However, as we read the New Testament we come across two writers named James and Jude. These men are actually Jesus’ half-brothers who came to be believers after His death, burial and resurrection. Jesus could see beyond even their ridicule and hatred to their redemption. It was for these men—who wanted Him dead, that He joyfully went to the cross.

Jesus died for you and me JOYFULLY! In the midst of all the agony there was an understand-ing of the future and the blessed results of what would happen to us and for us. He endured the troubles of life, seeing the end results. We need to endure to the end as well. We need to have the resolve of Paul in the midst of all his troubles”

“I know both how to have a little, and I know how to have a lot. In any and all circumstances I have learned the secret of being content—whether well fed or hungry, whether in abundance or in need. I am able to do all things through Him who strengthens me.”

Too many of us live for today; we live as if today is all there is and the consequences be damned. But we are an eternal people in Christ, thus our lives have eternal effects (consequences) both good and bad on us BUT especially on others.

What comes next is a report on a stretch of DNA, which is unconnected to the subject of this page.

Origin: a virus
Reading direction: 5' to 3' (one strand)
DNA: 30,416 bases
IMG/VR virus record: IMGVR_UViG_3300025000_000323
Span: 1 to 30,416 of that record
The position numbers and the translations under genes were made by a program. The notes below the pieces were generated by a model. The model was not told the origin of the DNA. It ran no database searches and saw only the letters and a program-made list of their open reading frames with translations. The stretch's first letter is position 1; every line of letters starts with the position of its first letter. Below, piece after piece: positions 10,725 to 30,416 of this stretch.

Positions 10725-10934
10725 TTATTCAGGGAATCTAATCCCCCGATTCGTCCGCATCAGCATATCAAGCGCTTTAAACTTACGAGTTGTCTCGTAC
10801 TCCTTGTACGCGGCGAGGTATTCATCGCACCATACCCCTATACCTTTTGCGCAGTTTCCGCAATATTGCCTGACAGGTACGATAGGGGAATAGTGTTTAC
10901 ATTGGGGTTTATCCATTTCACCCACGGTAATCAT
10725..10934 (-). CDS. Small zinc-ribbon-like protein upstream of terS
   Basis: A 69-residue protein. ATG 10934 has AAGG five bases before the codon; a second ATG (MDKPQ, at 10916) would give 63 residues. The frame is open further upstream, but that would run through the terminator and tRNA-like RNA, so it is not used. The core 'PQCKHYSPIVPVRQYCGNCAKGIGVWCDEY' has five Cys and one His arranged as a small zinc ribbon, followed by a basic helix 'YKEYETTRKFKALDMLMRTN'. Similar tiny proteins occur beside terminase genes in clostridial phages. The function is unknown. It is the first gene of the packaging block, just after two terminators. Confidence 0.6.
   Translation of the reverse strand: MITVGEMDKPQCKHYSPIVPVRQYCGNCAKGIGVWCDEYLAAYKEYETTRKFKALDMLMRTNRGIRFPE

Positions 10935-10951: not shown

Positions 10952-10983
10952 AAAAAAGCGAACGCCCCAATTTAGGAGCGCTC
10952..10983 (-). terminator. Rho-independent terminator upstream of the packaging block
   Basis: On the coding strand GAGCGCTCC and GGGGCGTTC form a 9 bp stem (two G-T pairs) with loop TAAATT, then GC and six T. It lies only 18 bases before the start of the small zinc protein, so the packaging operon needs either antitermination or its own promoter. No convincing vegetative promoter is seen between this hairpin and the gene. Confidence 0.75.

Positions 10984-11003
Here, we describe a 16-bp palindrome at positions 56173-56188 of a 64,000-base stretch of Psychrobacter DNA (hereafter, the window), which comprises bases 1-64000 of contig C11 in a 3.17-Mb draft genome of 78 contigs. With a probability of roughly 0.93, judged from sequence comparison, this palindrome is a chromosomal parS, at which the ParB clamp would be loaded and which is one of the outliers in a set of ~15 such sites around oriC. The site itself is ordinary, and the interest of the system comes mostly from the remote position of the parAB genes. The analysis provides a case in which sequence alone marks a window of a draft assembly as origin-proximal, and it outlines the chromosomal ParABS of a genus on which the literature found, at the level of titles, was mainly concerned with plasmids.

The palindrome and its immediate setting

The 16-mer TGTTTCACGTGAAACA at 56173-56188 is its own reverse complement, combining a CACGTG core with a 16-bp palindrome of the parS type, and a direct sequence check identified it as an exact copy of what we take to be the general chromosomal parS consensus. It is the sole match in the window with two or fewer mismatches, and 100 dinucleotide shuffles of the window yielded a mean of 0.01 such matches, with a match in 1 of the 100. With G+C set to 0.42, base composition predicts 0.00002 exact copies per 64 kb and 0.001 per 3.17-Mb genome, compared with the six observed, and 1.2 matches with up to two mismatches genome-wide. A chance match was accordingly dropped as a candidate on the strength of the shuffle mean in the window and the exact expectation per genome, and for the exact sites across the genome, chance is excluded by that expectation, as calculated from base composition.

Jesus lived to glorify God first but He also understood the importance of His obedience in relation to us. We are called to live in such a way as to glorify God and point other to Him. Let us do it with the same degree of joy with which Jesus faced the cross, Matthew 5:16:

“In the same way, let your light shine before men, so that they may see your good works and give glory to your Father in heaven.”

We Are at War, Ephesians 6:12

We are told in this verse that we fight with the forces of darkness. Jesus warned us that the “world hated Him and they would hate us as well” (John 15:18). We see that Jesus’ life was in danger even as a small child. He and his parents had to flee from the murderous King Herod. It is clear that Jesus grew up in a hostile home where his own brothers wished Him harm and now we see Him under attack from the devil himself.